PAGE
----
Early studies of adventurers in polar regions such as Antarctica suggested that isolation from family and friends coupled with close confinement with other members of the crew could affect safety, performance, and quality of life. The importance of psychological factors was brought home in Bryan Burrough's 1998 book Dragonfly: NASA and the Crisis Aboard Mir. This work gives vivid examples of loneliness, cultural misunderstandings, and interpersonal tensions, not only among crew members but also between the crew and flight controllers. Psychological factors will become even more important as larger and more diverse crews (including, perhaps, construction workers, accountants, chefs, and nurses) remain away from Earth for longer and longer periods of time. Selecting astronauts on the basis of their psychological and interpersonal as well as technical skills helps minimize such problems. Training in human relations is one part of astronaut training programs, and designers seek ways to make their spacecraft more comfortable and user-friendly. Psychological support groups that offer advice, encouragement, and entertainment by radio have been a big help.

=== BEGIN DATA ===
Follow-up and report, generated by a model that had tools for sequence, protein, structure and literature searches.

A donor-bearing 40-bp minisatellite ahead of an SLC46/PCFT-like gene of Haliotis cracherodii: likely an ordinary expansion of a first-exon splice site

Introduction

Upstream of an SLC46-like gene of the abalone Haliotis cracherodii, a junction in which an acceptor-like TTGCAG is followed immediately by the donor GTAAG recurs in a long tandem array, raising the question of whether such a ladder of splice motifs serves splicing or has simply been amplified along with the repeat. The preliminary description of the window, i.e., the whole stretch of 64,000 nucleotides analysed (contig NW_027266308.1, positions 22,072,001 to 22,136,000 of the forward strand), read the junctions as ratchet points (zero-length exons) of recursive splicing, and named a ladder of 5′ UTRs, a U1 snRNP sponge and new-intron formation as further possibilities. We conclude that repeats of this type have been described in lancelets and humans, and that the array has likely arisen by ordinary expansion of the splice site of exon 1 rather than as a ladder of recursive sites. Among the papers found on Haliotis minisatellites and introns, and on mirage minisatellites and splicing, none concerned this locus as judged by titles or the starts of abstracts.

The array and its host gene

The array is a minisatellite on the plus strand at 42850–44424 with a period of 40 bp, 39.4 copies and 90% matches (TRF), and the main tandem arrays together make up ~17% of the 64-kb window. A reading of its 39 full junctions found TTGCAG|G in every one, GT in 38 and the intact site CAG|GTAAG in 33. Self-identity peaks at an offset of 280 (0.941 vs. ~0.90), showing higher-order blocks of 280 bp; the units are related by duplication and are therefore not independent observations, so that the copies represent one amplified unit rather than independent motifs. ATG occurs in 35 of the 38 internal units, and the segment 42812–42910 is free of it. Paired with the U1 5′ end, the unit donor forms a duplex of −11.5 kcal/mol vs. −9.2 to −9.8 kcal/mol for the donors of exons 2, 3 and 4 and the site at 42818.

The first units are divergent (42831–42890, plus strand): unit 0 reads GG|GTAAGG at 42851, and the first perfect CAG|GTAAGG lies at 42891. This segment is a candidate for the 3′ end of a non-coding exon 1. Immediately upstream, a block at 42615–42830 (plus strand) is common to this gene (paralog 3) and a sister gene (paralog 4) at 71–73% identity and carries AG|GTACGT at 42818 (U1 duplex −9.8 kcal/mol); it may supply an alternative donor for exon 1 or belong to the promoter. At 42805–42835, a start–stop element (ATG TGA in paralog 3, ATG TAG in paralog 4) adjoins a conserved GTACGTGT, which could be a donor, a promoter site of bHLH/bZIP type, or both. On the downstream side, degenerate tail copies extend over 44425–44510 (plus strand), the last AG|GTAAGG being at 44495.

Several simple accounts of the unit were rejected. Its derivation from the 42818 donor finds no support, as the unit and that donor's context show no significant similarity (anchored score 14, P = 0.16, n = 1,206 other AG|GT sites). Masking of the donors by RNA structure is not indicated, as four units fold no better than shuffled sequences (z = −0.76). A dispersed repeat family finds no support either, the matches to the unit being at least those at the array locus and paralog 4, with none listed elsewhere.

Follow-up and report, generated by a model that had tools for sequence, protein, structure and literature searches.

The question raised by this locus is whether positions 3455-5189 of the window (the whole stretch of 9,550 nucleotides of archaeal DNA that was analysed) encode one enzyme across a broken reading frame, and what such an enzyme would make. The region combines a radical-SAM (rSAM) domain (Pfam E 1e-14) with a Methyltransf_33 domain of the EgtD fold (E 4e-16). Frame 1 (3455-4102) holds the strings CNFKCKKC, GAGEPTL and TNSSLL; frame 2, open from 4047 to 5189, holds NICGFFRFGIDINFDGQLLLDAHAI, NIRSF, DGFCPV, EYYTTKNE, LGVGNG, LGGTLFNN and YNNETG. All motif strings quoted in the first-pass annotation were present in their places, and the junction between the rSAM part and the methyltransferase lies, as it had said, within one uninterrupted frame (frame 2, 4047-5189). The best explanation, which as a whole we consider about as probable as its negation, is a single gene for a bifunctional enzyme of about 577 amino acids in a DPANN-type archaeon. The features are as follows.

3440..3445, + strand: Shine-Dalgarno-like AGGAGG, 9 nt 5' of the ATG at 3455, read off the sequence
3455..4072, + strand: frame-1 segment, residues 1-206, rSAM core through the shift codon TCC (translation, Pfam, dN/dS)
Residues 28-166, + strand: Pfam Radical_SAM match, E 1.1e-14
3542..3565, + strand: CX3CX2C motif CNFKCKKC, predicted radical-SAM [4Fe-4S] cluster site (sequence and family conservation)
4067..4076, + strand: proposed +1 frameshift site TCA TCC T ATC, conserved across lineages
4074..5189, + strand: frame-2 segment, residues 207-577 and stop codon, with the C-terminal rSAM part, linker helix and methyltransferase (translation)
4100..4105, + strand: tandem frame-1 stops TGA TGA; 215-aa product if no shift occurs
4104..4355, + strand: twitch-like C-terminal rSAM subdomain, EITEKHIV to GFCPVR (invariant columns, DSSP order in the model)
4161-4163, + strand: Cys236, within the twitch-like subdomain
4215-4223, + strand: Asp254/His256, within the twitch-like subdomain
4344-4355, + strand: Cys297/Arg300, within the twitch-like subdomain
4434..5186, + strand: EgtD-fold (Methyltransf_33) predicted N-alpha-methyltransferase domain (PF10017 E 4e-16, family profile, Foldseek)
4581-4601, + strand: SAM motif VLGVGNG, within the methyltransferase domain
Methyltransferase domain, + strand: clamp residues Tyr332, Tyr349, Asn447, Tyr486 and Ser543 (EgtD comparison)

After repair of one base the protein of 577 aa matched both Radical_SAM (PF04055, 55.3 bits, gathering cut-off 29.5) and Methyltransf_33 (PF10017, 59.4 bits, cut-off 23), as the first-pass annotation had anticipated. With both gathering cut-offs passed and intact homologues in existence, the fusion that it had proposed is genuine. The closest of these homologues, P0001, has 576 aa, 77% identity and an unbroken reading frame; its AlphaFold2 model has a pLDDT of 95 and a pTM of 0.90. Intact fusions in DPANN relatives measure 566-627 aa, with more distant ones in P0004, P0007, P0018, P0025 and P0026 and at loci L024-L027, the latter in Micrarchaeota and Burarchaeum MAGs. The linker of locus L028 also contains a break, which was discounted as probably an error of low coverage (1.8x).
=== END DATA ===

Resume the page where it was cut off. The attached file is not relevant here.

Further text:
In the earliest days of space exploration scientists were not completely sure that people in orbit could breathe properly, swallow water, and digest food. Decades of careful biomedical research have enabled people to venture into space without suffering lasting debilitating effects. So far, there have been many challenges but no "show stoppers." With continued research we should be able to overcome the biomedical challenges associated with a permanent return of humans to the Moon and the establishment of the first human camp on Mars.
see also Habitats (volume 3); Human Factors (volume 3); Living on Other Worlds (volume 4); Long-Duration Spaceflight (volume 3); Microgravity (volume 2).
Albert A. Harrison
Burrough, Bryan. Dragonfly: NASA and the Crisis Aboard Mir. New York: Harper Collins, 1998.
Connors, Mary M., Albert A. Harrison, and Faren R. Akins. Living Aloft: Human Requirements for Extended Spaceflight. Washington, DC: National Aeronautics and Space Administration, 1985.
Harrison, Albert A. Spacefaring: The Human Dimension. Berkeley: University of California Press, 2001.
Nicogossian, Arnauld E., Carolyn Leach Huntoon, and Sam Poole, eds. Space Physiology and Medicine, 4th ed. Philadelphia: Lea and Febiger, 1994.
Stine, G. Harry. Living and Working in Space. New York: M. Evans and Company,1997.
Stuster, Jack. Bold Endeavors: Lessons from Polar and Space Exploration. Annapolis, MD: Naval Institute Press, 1996.